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The Jet Sweep - Part 4- More Strategies to Attack the Defense

One of the most important things for the jet sweep offensive coaches to remember is that the defense must align correctly to all of the offensive formations used. A misalignment could put the defense short on numbers to one side and a jet in that direction could be a huge play. Unbalanced formations, trips sets, empty sets, shifts, and motions cause alignment issues as does fast tempo.

In addition to alignment, the defense must also defend the plays and passes. The Jet sweep, the inside zone read, the counters plays and option plays require discipline by the defenders. That is just the run game. When you consider all of the play action passes, RPOs, and other passing concepts that the offense would include, the defense has many things to prepare for against a jet sweep team.

Here are some other strategies that can be used.

A simple shift of the running back can create confusion for the defense. Part of playing defense is recognizing formations and what plays might be run to each side. Much of this involves which side the RB is set toward. The thinking process speeds up with the shift of the runner.

In this play, the offense aligns in a King Bunch trips set, overloading the defense. A QB option play, QB Sweep, Sprint pass to the trips are all possible if the defense is not properly aligned. The shift of the back creates enough numbers to make "Jet" a real possibility. Yet the offense can run a play or pass that is not even associated with jet. But the threat of the jet is always a problem for the defense, especially if the offense has a playmaker to hand the ball to on the sweep.

Here the offense shifts the running back as before, but also shifts one of the receiver from one side to the other. If both shift to the right or left it is easier for the defense to at least realize that the strength just went from one side to the other. But here the receiver and back shift in opposite directions and go from a 2x2 with a right set to trips with a left HB.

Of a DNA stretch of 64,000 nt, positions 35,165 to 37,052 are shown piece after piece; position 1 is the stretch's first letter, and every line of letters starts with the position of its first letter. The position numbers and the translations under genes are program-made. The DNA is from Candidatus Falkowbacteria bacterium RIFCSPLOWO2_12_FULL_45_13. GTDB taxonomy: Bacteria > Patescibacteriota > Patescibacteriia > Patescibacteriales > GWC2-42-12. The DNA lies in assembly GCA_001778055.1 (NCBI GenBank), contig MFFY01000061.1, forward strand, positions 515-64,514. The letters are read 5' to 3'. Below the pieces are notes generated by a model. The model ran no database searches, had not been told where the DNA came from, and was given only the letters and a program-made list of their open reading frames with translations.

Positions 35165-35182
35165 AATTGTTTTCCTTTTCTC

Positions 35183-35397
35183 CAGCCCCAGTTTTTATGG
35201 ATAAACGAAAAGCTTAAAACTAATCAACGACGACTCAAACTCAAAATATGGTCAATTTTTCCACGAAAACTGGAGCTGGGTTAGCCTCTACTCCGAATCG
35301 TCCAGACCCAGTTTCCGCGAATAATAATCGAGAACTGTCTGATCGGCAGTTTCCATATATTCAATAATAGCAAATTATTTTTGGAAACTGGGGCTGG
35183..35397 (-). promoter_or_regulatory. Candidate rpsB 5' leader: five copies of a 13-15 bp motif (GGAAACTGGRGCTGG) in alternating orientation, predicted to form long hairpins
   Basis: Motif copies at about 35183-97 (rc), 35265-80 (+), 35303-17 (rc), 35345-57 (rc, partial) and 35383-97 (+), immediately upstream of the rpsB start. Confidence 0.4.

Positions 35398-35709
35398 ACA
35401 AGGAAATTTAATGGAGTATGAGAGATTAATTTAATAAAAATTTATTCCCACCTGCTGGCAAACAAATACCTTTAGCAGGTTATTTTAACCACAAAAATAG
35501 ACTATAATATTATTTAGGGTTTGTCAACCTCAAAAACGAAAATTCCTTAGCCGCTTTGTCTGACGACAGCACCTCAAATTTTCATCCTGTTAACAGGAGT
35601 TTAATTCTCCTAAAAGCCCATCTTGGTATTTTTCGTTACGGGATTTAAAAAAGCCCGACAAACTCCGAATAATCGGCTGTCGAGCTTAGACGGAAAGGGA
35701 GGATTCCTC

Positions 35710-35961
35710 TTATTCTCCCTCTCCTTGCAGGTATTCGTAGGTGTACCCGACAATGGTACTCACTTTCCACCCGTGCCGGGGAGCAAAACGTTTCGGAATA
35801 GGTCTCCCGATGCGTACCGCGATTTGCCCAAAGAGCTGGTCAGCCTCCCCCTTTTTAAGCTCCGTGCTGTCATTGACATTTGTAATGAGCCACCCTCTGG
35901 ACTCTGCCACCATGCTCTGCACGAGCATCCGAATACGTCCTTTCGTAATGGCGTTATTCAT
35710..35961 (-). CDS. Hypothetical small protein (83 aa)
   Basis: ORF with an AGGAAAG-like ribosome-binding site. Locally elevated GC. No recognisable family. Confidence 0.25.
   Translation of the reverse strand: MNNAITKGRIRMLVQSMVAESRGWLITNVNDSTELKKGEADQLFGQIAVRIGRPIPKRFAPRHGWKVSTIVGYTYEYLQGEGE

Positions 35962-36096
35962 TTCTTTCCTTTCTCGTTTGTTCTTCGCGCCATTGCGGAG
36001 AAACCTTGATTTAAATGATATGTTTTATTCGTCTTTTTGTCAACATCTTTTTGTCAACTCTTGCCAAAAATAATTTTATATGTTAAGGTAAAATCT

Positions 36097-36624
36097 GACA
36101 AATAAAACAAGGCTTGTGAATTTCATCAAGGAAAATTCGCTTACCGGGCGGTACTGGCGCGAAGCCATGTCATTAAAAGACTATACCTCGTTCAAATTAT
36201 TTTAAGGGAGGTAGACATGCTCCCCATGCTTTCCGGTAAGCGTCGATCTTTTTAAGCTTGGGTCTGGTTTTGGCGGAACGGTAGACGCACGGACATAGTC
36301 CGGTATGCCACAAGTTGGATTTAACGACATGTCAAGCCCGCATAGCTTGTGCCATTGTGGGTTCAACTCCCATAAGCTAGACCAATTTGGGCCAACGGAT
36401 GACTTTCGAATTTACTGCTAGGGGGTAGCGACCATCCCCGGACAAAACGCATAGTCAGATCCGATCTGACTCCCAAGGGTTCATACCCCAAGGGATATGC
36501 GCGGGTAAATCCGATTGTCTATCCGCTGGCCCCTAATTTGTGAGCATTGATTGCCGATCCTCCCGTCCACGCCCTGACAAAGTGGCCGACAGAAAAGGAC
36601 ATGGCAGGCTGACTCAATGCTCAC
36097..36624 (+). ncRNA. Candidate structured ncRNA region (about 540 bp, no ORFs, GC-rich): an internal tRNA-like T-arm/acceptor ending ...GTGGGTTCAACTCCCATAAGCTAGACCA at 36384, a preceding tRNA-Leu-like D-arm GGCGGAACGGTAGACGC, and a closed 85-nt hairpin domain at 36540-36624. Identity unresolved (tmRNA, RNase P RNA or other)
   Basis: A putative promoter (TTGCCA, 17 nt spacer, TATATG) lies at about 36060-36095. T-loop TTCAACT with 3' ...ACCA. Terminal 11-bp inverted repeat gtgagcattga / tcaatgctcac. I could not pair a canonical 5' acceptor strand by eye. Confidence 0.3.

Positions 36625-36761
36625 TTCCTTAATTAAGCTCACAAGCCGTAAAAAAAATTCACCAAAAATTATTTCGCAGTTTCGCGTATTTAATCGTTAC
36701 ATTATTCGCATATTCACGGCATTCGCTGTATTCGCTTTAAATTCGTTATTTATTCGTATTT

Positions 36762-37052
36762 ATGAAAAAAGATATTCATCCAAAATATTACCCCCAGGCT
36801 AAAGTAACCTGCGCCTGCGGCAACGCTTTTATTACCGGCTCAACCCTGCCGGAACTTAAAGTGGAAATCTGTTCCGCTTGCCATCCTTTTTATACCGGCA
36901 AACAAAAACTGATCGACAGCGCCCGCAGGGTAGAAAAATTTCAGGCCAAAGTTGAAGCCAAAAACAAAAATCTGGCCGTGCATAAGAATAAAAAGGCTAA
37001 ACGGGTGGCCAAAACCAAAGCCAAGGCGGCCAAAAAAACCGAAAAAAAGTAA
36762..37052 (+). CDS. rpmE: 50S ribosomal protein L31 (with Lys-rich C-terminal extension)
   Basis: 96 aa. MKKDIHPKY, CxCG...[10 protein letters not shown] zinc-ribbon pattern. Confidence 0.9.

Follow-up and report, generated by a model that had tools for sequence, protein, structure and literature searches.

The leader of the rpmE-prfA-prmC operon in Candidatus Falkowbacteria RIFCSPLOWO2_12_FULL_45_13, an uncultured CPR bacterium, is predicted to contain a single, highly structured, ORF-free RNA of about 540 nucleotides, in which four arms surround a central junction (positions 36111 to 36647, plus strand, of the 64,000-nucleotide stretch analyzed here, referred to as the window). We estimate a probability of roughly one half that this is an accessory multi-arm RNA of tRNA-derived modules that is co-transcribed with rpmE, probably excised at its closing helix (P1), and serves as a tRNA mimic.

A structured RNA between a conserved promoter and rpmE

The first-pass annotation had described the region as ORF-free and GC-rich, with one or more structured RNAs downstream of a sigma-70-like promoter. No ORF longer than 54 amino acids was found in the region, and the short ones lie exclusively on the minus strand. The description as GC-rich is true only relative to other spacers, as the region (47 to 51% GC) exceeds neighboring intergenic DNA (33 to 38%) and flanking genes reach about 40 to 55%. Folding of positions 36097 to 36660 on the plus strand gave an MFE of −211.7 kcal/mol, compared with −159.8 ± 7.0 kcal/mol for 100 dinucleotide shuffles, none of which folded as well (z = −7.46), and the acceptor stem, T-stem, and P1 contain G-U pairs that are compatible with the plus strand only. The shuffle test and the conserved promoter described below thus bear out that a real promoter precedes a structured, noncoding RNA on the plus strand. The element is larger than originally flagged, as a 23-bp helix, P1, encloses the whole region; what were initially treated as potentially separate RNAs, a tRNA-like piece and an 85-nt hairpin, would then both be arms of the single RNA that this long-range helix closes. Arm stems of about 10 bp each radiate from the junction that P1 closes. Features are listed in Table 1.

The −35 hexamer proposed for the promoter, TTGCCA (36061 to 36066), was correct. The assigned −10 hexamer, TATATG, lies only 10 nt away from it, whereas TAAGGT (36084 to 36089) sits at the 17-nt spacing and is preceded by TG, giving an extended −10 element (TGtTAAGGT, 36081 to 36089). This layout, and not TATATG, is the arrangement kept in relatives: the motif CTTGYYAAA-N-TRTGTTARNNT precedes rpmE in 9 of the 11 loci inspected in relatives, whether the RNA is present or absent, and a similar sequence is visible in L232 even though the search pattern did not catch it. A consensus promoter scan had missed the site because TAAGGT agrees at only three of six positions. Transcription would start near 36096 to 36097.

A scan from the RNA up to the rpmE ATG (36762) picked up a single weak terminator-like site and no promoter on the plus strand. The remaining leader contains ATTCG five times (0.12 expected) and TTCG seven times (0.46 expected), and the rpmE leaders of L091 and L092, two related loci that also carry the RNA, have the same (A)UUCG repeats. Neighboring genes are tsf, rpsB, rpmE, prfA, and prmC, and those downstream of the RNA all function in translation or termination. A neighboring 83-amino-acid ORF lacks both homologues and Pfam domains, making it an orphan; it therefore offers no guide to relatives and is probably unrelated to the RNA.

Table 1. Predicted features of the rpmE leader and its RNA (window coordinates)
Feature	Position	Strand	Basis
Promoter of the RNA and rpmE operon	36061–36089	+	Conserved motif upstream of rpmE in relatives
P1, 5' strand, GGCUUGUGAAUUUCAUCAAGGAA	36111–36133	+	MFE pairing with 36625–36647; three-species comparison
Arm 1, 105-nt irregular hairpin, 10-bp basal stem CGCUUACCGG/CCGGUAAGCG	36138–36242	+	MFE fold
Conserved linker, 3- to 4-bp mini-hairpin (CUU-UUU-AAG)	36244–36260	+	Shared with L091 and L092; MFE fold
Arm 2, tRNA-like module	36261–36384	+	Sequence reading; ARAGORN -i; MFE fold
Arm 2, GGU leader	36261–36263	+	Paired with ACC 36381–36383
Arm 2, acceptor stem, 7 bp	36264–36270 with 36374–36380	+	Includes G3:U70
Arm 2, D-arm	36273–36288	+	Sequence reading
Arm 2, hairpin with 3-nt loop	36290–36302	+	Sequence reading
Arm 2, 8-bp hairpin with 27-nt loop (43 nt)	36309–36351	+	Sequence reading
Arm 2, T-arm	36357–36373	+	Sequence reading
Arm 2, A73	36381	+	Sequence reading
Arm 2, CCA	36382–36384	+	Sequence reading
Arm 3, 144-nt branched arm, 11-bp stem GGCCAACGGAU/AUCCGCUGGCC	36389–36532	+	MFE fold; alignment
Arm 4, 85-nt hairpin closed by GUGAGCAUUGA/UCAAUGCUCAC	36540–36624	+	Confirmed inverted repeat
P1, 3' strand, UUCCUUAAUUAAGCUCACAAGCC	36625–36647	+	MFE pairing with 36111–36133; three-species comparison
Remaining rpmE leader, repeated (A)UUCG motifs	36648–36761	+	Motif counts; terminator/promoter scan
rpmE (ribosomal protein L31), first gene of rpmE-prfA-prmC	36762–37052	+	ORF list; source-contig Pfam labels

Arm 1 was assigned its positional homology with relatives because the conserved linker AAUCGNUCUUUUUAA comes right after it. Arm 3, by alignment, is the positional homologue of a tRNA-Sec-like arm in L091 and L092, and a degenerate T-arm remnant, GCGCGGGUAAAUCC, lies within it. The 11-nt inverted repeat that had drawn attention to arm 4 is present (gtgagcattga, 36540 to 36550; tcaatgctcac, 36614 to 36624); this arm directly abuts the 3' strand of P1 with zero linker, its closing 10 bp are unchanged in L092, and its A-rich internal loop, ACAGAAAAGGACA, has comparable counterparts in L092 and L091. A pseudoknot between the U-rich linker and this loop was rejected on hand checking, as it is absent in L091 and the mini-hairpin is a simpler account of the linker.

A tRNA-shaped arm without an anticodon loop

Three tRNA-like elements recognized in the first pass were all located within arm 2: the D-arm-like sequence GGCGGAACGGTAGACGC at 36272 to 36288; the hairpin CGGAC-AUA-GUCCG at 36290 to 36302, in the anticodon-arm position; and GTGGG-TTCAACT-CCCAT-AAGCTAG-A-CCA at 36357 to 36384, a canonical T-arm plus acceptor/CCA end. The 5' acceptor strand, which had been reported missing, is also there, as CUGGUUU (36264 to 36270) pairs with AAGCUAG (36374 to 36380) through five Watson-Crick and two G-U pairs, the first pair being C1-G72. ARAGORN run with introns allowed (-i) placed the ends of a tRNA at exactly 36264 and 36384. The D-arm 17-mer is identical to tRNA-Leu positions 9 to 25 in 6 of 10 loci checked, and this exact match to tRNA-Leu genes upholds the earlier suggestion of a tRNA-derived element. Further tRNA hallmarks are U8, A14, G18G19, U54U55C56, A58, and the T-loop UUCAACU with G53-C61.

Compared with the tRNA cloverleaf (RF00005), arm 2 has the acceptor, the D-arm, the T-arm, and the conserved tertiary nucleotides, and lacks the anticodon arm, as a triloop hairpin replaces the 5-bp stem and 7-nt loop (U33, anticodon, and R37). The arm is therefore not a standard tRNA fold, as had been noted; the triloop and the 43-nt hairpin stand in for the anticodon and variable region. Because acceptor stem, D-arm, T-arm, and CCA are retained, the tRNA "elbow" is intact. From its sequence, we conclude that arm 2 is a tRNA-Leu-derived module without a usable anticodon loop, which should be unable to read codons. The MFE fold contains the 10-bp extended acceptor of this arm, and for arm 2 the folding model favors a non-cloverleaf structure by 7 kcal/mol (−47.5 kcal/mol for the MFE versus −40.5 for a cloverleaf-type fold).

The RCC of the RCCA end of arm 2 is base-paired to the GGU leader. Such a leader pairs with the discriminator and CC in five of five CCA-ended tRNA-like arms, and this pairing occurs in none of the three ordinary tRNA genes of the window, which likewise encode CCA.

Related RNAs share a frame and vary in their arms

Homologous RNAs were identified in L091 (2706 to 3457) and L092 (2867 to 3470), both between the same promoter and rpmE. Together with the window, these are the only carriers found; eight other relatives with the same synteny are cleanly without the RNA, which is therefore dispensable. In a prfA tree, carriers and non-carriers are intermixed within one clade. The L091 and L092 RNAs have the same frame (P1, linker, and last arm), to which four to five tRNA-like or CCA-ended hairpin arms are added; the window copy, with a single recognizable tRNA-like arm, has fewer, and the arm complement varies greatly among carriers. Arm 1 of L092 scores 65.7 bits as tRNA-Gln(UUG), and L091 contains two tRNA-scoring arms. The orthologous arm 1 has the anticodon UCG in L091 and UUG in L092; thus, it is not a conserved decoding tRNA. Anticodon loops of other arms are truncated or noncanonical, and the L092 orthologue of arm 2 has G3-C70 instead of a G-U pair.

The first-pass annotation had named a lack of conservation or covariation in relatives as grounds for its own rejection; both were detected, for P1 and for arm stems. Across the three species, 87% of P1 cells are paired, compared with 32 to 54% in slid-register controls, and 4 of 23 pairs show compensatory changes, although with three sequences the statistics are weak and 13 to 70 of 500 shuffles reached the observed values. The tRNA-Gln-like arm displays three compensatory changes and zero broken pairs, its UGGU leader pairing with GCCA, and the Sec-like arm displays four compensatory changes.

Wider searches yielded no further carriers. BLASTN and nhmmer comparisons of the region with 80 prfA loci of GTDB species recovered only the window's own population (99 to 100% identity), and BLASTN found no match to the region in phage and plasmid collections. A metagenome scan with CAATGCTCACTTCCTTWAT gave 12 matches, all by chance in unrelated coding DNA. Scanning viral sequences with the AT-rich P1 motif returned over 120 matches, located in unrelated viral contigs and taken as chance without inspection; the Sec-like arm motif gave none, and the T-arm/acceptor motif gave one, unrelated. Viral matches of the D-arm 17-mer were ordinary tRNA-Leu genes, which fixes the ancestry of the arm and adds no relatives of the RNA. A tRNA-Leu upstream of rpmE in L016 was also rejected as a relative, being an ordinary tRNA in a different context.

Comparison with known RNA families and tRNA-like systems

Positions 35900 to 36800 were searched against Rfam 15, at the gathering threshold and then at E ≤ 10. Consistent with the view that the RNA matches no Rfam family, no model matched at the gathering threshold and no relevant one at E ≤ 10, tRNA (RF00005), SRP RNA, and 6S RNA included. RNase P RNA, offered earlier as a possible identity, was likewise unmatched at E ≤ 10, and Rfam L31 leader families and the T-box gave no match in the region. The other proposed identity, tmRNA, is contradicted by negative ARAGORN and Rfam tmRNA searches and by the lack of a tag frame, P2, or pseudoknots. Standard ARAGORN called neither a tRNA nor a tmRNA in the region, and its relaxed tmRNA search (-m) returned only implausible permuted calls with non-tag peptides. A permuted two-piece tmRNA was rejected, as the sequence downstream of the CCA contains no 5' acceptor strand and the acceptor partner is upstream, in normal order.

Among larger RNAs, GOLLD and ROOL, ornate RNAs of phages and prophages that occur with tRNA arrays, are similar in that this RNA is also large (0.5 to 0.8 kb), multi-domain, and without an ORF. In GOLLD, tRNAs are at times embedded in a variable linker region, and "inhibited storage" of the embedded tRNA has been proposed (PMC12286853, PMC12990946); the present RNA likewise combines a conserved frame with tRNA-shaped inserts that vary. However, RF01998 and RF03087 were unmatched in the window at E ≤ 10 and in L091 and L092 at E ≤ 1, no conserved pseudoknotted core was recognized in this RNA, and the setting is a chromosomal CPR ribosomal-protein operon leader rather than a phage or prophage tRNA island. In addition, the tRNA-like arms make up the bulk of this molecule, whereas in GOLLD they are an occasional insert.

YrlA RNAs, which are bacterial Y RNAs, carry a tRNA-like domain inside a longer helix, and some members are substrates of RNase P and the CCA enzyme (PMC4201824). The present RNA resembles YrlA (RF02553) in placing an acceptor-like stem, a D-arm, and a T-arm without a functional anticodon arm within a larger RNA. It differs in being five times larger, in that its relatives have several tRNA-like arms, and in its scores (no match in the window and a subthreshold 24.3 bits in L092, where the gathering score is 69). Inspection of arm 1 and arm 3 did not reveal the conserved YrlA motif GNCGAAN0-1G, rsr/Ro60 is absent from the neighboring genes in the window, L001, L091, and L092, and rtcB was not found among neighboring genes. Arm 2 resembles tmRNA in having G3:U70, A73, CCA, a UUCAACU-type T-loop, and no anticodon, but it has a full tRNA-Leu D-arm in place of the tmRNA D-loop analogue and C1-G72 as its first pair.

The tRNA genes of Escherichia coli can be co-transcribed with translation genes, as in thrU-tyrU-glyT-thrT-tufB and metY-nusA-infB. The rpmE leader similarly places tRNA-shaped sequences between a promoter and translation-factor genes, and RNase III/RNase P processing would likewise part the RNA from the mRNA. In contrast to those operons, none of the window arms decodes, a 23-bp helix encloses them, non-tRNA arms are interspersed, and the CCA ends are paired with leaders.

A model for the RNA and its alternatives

Here the running back shifts to form an empty set. Empty sets can be problems for the defense, particularly if the QB is a strong runner and adequate passer. In the first diagram, the back shifts out of a 2x2 set to form trips to the right. In the next diagram, the back shifts out of a 1x3 set to form a twin away from the trips. In both diagrams, the exact same speed sweep is run out of what eventually becomes the same set. One of the advantages of shifting the back is that he may now become a jet back. This is important as he will usually be the best runner on the field.

In this diagram, the offense shifts a tight end/wing set and shifts from left to right. Originally, the set was an unbalanced formation, leaving only a guard/tackle "nub" on the right. The back shifts from right to left, meaning that the offense has three shifters at one time and goes from an unbalanced set to more of a balanced formation. This appears as a chaotic situation to the defenders. In addition, when the back shifts he goes from an normal alignment to a wide alignment, allowing him to run speed himself to the right or lead block or release on a pass effectively. The tight end set also adds alignment issues for the defense as some defenders are coached to align to the tight end side or to shift the defense to the tight end side. Teams that play man pass coverage must also move with the men they are covering.

In the above diagrams, the offense aligns in another end over formation. In this one, the playcaller has the numbers to run jet sweep to either side of the formation. This is another set where the jet could be called at the line of scrimmage depending upon the defensive adjustment to the trips. One of the best items about running multiple formations, motions, etc. is that the blocking schemes and execution of the play stay the same.

In the next session, we will look at some of the complimentary run plays in the jet sweep offense to prevent the defense from committing too many defenders to the jet sweep play.


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